A Stagecoach is travelling from the frontier town of Tonto in Arizona, to the New Mexico town of Lordsburg. Amoungst the travellers aboard are a young prostitute who has been thrown out of the town, a drunken Doctor, a woman who is on her way to meet her husband who is in the army, a banker, a salesman, a gambler and a young man who has broken from prison to avenge his familys deaths. Rounding up the group are the coach driver and a sheriff who is riding shotgun.

    They are to be escorted on the journey by the US Cavalry due to the fact that apache chief Geronimo is in the area and is on the war path, the Cavalry leader tells the sheriff they are really riding at their own risk.

    The strengths of this film are in the characters and location of Monument Valley, a location Ford loved that much he would return to shoot the likes of 'My Darling Clementine' and 'The Searchers' there.

    The characters are all great to watch, the film is most notably a tightly scripted character study. All the stagecoach travellers are very diffrent people and have to get along with the threat of an Apache attack more than likely to take place. At best here is Thomas Mitchell as the drunken doctor Boone and Claire Trevor as the disgraced prostitute Dallas, John Carradine is also watchable as the gentleman gambler Hatfield. John Wayne is ok here, in his first collabaration of many with director Ford, he doesn't really come into his own as dominant screen force as he would later in other films with Ford at the helm, but his character Ringo Kid is atleast intresting and Wayne does his best.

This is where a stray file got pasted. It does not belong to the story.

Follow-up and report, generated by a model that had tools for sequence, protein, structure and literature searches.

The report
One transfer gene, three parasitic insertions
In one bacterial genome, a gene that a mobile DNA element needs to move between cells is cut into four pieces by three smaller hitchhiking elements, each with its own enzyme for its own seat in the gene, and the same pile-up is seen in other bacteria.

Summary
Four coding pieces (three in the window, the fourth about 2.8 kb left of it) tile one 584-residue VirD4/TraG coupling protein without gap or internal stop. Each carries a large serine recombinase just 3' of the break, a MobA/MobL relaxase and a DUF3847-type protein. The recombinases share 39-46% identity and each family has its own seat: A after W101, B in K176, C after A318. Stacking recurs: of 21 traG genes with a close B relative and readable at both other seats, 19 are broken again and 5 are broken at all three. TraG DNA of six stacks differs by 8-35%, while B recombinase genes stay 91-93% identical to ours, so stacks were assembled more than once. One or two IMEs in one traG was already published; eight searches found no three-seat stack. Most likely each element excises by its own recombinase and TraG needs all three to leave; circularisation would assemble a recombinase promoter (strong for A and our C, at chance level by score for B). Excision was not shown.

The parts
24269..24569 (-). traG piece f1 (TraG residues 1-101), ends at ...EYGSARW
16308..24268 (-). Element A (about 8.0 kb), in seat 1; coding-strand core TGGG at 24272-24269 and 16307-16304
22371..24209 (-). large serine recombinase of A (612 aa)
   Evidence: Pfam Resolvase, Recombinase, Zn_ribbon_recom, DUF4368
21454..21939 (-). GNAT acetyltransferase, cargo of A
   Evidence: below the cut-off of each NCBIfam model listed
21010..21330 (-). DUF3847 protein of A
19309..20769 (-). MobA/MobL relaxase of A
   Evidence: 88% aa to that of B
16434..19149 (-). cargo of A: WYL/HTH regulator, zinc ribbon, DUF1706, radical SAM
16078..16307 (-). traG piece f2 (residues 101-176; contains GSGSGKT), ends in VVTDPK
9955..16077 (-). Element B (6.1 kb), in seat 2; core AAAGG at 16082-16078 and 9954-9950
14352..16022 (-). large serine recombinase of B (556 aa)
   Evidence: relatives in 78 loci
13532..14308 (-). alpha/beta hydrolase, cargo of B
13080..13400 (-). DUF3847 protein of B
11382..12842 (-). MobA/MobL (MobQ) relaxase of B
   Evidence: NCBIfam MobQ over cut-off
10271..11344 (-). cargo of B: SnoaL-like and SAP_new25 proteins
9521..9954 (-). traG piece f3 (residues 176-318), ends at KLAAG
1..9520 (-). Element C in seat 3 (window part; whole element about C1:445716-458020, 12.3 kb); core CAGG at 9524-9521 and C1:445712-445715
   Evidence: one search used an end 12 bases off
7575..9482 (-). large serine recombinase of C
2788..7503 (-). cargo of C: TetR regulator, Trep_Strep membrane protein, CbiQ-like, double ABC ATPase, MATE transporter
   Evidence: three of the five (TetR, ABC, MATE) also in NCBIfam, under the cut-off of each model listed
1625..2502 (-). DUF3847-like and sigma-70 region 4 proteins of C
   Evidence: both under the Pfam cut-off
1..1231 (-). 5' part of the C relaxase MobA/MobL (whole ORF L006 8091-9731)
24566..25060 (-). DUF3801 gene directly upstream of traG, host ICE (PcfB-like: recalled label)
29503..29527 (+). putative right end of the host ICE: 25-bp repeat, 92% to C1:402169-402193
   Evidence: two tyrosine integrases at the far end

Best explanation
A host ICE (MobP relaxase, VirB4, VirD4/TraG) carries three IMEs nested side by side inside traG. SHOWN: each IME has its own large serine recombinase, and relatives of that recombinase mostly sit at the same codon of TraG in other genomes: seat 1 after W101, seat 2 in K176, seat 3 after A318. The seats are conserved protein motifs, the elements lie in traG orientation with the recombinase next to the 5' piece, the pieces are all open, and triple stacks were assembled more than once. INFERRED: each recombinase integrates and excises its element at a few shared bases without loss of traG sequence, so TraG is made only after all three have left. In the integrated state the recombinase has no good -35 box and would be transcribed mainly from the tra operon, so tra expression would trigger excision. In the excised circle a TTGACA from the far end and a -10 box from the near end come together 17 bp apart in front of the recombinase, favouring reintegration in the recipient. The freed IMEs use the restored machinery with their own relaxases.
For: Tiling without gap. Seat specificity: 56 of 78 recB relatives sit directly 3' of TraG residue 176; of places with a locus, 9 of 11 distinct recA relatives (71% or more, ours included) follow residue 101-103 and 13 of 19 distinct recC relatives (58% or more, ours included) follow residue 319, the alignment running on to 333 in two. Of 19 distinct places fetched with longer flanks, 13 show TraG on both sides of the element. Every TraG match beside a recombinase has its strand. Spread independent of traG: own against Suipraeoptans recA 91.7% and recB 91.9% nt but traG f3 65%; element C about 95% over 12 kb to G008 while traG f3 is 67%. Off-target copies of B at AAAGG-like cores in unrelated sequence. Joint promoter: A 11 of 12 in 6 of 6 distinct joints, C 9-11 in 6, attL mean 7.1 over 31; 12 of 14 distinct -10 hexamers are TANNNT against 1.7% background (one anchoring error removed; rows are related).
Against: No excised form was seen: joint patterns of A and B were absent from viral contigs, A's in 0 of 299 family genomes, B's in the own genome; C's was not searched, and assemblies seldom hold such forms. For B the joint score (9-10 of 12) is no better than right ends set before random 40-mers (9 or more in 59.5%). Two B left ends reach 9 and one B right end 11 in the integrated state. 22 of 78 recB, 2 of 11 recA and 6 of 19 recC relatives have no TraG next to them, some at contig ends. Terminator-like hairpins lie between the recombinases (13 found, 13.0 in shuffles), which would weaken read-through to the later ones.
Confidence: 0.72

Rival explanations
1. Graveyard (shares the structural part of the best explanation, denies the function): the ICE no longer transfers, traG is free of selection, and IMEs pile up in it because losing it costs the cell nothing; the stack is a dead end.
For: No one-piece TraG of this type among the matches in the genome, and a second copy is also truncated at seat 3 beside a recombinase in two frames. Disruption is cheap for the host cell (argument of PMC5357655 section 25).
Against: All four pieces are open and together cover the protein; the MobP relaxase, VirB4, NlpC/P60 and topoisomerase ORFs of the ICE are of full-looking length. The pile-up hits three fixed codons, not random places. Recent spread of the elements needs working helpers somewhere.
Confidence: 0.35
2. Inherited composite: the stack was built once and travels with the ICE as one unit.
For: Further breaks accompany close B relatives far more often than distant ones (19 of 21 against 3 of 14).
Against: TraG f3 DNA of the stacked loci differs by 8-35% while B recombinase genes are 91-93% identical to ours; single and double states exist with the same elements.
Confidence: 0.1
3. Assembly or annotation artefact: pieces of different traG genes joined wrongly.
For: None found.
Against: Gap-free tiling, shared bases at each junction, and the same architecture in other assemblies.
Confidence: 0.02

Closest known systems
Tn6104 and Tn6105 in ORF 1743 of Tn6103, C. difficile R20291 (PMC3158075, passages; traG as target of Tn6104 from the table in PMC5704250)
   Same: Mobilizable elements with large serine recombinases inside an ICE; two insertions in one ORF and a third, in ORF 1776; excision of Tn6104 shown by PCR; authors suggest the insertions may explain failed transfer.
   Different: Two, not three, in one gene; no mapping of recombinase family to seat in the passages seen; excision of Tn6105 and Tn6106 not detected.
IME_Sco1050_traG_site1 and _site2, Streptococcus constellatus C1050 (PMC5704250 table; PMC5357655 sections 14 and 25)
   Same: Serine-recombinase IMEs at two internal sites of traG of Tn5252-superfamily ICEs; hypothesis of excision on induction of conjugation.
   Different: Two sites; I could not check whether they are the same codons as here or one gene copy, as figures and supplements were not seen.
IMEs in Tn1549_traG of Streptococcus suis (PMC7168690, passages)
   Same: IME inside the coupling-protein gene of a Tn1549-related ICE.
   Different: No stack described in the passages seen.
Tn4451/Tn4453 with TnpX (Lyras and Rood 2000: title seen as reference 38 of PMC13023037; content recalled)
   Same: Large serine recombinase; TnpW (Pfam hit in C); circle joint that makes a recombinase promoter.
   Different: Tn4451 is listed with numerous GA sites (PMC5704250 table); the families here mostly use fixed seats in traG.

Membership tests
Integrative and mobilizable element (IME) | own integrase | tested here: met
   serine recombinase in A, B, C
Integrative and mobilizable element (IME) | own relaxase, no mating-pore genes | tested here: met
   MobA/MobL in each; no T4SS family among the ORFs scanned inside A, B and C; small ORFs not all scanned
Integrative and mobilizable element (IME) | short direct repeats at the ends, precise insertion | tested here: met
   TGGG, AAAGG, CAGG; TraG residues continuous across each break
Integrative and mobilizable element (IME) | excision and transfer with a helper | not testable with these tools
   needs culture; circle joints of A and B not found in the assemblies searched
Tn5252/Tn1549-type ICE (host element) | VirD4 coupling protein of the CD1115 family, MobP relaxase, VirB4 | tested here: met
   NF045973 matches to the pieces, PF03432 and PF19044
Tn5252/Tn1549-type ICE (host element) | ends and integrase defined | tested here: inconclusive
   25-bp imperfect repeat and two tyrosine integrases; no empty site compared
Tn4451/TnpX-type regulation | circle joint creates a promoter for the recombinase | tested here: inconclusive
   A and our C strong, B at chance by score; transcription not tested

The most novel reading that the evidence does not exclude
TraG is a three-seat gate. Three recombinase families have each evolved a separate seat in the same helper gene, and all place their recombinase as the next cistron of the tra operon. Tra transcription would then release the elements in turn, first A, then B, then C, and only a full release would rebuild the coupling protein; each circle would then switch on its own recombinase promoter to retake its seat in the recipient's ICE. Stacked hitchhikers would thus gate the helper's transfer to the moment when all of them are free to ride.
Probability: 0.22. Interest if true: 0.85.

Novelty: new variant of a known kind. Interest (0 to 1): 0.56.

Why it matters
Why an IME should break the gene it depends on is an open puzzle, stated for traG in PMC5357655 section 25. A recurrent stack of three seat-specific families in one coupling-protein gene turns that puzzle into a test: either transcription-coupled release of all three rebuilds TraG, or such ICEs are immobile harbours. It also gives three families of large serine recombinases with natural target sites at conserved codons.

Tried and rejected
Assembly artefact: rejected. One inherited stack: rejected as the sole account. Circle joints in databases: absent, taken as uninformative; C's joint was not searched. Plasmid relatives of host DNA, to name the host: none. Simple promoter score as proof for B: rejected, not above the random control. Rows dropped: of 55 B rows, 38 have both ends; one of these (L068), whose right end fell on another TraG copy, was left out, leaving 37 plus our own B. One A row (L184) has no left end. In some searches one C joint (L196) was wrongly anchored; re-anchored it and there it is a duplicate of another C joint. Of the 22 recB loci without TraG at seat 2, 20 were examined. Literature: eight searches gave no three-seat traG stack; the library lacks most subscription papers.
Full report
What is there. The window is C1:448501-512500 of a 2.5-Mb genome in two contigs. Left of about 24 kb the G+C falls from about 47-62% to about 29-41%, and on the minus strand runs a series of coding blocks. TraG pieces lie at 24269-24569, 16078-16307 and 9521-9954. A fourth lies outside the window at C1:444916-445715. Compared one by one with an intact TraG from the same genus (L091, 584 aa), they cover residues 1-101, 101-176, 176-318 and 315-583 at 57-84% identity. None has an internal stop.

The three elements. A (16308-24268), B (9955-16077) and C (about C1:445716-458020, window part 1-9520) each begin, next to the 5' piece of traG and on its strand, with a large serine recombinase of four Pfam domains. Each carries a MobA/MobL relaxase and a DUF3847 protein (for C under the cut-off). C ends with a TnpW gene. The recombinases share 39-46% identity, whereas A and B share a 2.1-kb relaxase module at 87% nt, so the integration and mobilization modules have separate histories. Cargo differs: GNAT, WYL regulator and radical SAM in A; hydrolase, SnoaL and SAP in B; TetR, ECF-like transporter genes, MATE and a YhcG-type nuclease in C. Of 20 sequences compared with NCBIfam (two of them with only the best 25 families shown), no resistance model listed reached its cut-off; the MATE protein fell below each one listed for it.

The is underneath the thin layer of this film an insight into characters who are in a way dissmisive of one an other, but who must come to some kind of understaning if they are to make it through Monument Valley alive with the Apaches crawling the area.